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NH Considering pulling out of RGGI - Thursday hearing

Discussion in 'New England' started by 3mp_kwh, Jan 20, 2015.

  1. 3mp_kwh

    3mp_kwh Member

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    EPA Clean Power Progress in Granite State Under Threat / Public News Service

    NJ already pulled out. This is relevant because the reinvestment of RGGI proceeds has helped fund lower emissions activity, such as the $2,500 ZEV credits in MA's MOR-EV program. In NH's case, they are not among other New England states, VT, RI, MA, (+NY), that make up the larger multi-state memorandum of understanding, to have 3.3mm PHEV/BEV on the road by 2025. If NH does pull from RGGI, however, the likelihood of joining such a program, or the funding of chargers, etc., all just becomes that much more remote.
     
  2. Robert.Boston

    Robert.Boston Model S VIN P01536

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    NH would be foolish to leave RGGI until we see the EPA's new regulations on carbon. As part of RGGI, NH is already a long way towards compliance with the draft rules. Without it, the state will have to find ways to reduce carbon emissions within the state, which will almost certainly require the closure of PSNH's two coal-fired plants.
     
  3. 3mp_kwh

    3mp_kwh Member

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    I agree, Robert, but NH seems like it has been given more to do under the EPA's proposal. Their 2030 target is 46% lower CO2, as measured over 2012 emissions. Sometimes that means a state with little fossil electricity left, who is already planning to shut down the rest.

    Only because I need to get my arms around these rules, I took a detour and see EIA showed NH:
    2012:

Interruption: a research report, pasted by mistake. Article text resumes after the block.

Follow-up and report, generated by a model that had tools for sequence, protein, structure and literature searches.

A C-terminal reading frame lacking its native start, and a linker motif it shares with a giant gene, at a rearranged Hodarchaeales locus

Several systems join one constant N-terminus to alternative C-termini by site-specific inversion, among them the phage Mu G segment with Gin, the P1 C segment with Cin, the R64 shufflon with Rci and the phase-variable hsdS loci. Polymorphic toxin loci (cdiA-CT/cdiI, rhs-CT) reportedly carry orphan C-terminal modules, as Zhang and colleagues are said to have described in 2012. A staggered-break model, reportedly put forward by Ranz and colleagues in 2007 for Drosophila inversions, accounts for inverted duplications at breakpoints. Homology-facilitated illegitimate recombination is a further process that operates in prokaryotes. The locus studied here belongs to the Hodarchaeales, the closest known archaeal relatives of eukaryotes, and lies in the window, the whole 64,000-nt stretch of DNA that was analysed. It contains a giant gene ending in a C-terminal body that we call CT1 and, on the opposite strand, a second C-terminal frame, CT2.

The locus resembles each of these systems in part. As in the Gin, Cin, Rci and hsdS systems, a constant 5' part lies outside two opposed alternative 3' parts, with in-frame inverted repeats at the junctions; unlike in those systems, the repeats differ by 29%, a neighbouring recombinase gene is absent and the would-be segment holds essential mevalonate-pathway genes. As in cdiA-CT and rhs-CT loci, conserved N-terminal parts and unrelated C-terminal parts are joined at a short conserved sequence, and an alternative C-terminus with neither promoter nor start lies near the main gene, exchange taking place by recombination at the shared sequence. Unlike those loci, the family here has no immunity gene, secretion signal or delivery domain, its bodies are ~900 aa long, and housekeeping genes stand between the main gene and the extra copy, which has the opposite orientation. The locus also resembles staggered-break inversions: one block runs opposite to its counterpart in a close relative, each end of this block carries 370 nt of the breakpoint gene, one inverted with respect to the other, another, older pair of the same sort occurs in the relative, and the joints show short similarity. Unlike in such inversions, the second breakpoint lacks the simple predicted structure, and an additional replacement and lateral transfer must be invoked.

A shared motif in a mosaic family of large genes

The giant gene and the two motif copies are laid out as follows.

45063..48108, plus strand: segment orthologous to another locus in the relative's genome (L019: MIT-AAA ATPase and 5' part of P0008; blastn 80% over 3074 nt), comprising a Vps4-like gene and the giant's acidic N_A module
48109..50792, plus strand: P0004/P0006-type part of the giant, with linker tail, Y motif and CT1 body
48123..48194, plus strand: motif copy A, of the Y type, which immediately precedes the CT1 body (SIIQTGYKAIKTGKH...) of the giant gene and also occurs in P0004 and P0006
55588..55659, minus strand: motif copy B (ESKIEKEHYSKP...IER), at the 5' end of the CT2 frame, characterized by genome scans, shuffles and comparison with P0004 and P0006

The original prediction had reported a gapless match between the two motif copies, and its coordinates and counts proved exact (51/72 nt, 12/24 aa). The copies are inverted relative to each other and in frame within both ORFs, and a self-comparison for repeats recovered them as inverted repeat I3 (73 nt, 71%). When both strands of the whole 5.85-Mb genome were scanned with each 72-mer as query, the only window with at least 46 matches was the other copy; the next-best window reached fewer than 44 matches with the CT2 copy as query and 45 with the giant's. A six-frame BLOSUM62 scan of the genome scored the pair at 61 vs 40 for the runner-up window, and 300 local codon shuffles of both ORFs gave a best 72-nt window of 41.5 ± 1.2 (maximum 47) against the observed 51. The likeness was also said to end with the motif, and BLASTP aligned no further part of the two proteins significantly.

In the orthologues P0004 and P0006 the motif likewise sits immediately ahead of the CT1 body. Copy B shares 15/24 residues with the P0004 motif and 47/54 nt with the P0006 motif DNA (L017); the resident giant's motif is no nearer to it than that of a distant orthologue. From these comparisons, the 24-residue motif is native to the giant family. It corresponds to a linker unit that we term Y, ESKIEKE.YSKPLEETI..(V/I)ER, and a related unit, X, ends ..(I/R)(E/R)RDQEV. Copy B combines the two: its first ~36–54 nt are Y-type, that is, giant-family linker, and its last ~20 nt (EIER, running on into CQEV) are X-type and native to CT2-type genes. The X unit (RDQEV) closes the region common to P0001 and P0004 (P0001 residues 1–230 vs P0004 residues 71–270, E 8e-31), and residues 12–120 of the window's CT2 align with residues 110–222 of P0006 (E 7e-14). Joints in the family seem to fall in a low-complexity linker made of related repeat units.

19.3 TWH total
    1.3 TWH coal (seeing 2.9TWH '09, 3.1 '10, 2.2 '11...1.5 '14)
    7.1 TWH nat gas (half as CO2 intense)

    So, not even 10% coal makes rotation a simpler task, in the eyes of the EPA. To your point, I think it was Senator King's comments which suggested not enough "early adopter" credit has been given. His, and others, comments have been coming out since December. IMO, the rule goes too far to define "Clean Power", and deviates too far away from CO2. They don’t count all those 19.3TWH, not even close in NH case:

    EPA is proposing to deduct almost all of NH's 8.2TWH of nuclear generation, in the same example (2012). This is to be done for all states. There’s only a couple tables in the entire rule. One shows NH as emitting 905lbs / MWH, as a 2012 baseline. The only way that state’s CO2 production from electric generation even gets this high is by taking the nuclear out. Shut down Seabrook, on top of Yankee’s recent closure (assuming imports), and this is tantamount to giving “Get out of jail free” cards, on CO2. So long as natural gas replaces nuclear, and you started with some coal, your EPA rate-based calculation improves (denominator goes up faster than numerator).

    This is echoing in the comments I’ve read, and among folks I’ve met. There’s sort of a “Clean Power” vs. “CO2” fight going on, and it isn’t just with the nuclear industry.

    http://www2.epa.gov/carbon-pollution-standards/clean-power-plan-proposed-rule
     
  4. omega

    omega Member

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    I live in NH and it's unfortunate that they offer no incentive for owning an EV...Don't care??
     
  5. Robert.Boston

    Robert.Boston Model S VIN P01536

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    Unfortunately, it's worse than don't care. Under the draft EPA regs, EVs would actually hurt compliance by increasing the amount of electric generation. Since marginal resources tend to be more carbon-intensive, increasing load increases CO2/MWh and moves the state further out of compliance.

    Hopefully the EPA modifies this clear problem in the final regs.
     
  6. djplong

    djplong Member

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    Well, NH *does* have incentives for installing solar panels..
     

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